For those still grappling with the devastation of hurricanes Harvey, Irma and Maria last year, be warned:
The 2018 hurricane season may not offer a reprieve.
Researchers at Colorado State University predict the upcoming Atlantic Ocean hurricane season could, again, be above average. That means more storms, and more storms of a greater severity, could form this year.
CSU's forecast, issued in early April, is traditionally one of the first looks at the upcoming Atlantic storm season. More forecasts will be released, and as the official June 1 start of hurricane season draws closer, researchers will develop more detailed outlooks.
Last year's Atlantic storm season was among the strongest seasons on record. That doesn't mean Florida will definitely get hit by a storm this summer. But the state has suffered direct hits from hurricanes two years in a row, and another strong season would suggest the Atlantic Ocean remains in a period of hyperactivity.
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CSU's Department of Atmospheric Science Tropical Meteorology Project's forecast calls for 14 named storms, seven hurricanes and three major hurricanes. A major hurricane is a Category 3 storm or greater, with winds at least 111 mph. A typical season sees 12 named storms, 6.5 hurricanes and two majors.
The forecast also calls for 70 days during which a named storm will be present, 30 hurricane days and seven major hurricane days. Median seasons see about 60 named storm days, 21 hurricane days and four major hurricane days.
The season officially starts June 1 and runs until Nov. 30, though storms have formed before and after that window.
The season's activity level hangs balanced between two variables, said CSU research scientist and forecast lead author Phil Klotzbach. Both Atlantic and Pacific water temperatures work in tandem, or against each other, to produce a strong or weak season. This year, Klotzbach said, could bring a dangerous combination of high water temperature and low wind strength.
Atlantic waters were abnormally cool in January and February because high winds at the ocean's surface churned up cold water from below, Klotzbach said. But after a round of heavy snowstorms in the northeastern U.S., the weather patterns shifted and the winds died down which has allowed the water to start warming up.
The last few years, Atlantic waters have started the year colder than normal but have significantly warmed in the spring and summer, Klotzbach said. If the trend continues this year, it will likely make conditions ripe for hurricanes, which feed off warm water.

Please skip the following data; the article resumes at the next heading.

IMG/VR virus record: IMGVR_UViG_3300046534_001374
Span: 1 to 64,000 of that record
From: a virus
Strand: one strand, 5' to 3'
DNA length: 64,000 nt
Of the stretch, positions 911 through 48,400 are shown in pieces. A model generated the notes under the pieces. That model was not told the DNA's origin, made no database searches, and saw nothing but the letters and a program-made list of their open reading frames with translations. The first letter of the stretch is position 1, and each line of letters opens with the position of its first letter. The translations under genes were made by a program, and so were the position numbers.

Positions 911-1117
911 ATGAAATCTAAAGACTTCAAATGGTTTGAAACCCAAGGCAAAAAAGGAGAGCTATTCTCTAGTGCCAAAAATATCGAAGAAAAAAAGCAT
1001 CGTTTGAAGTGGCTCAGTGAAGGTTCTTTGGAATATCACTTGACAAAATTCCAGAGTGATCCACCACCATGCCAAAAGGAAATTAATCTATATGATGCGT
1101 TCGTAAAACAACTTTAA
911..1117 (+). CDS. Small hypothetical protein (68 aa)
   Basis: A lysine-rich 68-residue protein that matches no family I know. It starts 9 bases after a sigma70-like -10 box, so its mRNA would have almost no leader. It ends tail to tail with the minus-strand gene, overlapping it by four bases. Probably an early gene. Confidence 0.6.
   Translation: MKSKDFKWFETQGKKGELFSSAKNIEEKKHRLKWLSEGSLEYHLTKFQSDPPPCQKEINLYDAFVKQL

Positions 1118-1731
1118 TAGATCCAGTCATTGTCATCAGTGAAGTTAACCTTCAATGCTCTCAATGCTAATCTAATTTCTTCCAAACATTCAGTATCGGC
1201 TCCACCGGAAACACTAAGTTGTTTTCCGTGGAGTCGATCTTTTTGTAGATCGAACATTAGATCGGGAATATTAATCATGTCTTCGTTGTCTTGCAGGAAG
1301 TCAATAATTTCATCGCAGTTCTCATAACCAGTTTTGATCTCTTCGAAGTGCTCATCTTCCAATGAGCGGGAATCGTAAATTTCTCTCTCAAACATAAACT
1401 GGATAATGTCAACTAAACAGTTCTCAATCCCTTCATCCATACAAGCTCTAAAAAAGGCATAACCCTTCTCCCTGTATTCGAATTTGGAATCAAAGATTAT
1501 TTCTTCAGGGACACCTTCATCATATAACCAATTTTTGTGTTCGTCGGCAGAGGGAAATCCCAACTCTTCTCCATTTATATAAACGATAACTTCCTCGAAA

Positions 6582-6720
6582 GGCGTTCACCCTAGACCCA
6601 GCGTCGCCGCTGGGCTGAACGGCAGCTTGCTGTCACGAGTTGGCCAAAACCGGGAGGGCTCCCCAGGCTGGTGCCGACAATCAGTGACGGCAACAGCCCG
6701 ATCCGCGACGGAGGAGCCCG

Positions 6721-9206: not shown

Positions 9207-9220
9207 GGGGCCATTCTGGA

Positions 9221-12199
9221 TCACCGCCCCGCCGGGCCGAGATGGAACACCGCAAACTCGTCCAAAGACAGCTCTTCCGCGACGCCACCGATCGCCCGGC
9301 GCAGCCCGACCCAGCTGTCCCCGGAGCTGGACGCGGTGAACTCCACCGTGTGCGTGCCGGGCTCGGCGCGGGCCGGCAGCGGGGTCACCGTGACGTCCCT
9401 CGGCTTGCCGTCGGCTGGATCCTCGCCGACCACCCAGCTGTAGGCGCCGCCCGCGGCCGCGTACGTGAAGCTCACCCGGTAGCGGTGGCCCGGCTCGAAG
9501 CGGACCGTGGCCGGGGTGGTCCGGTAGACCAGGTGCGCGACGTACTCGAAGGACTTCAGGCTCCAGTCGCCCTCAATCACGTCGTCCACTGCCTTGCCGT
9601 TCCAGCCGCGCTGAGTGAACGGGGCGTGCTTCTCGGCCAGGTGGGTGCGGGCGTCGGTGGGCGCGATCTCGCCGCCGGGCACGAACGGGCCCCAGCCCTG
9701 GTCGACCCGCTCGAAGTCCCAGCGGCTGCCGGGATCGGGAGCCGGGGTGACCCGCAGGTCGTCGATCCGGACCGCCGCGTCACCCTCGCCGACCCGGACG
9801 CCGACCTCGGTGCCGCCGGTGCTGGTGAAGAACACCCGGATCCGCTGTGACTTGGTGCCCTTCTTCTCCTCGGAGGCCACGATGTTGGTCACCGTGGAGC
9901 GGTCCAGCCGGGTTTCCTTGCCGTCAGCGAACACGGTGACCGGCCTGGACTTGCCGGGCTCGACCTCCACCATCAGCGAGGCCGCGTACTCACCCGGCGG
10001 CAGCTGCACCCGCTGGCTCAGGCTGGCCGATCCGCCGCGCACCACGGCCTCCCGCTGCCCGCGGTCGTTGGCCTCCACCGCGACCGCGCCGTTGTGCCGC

Pacific waters, alternatively, are cold and forecasted to stay cool. Warm Pacific waters, known as El Niño, create high-altitude winds over the Atlantic Ocean, which rip apart storms before they can coalesce into cyclones. But Klotzbach said Pacific water temperatures will likely be neutral or only slightly warm, meaning wind sheer will be weak.
"If you look at how cold it is in the Pacific right now, there's just not enough time to get a real strong El Niño," Klotzbach said.
That could mean another bruising year. Last year's season was a top 10 hurricane season by nearly every metric, Klotzbach said. Harvey, which hit Texas, was directly responsible for 68 deaths and caused an estimated $125 billion in damage, according to the National Hurricane Center.
Irma, which struck the Caribbean before marching up Florida's spine, killed 44 people and caused more than $50 million in damage, the center said.
Puerto Rico is still grappling with the aftermath of Maria. The center's latest estimate says the hurricane inflicted $90 billion worth of damage on Puerto Rico and the Virgin Islands. The storm is also now believed to have battered higher elevations with Category 5 winds. At least 70,000 homes were destroyed and as of March an estimated 150,000 homes remained without power. And the final death toll — the government's official tally of 65 deaths has been disputed — could end up in the hundreds.
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Klotzbach warned Floridians not to get a false sense of security after Irma, which was at one time the strongest storm ever in the open Atlantic Ocean but caused significantly less damage than experts feared. That's because it hit Cuba before Florida, and the Caribbean island weakened the storm.
The next storm might find a clear path to the Sunshine State.
"All that water that got blown out of Tampa Bay, it came back at a nice sedate pace" because the south side of the storm had weakened, Klotzbach said. "Don't think that the next time it's necessarily going to do that."
Contact Josh Solomon at (813) 909-4613 or firstname.lastname@example.org. Follow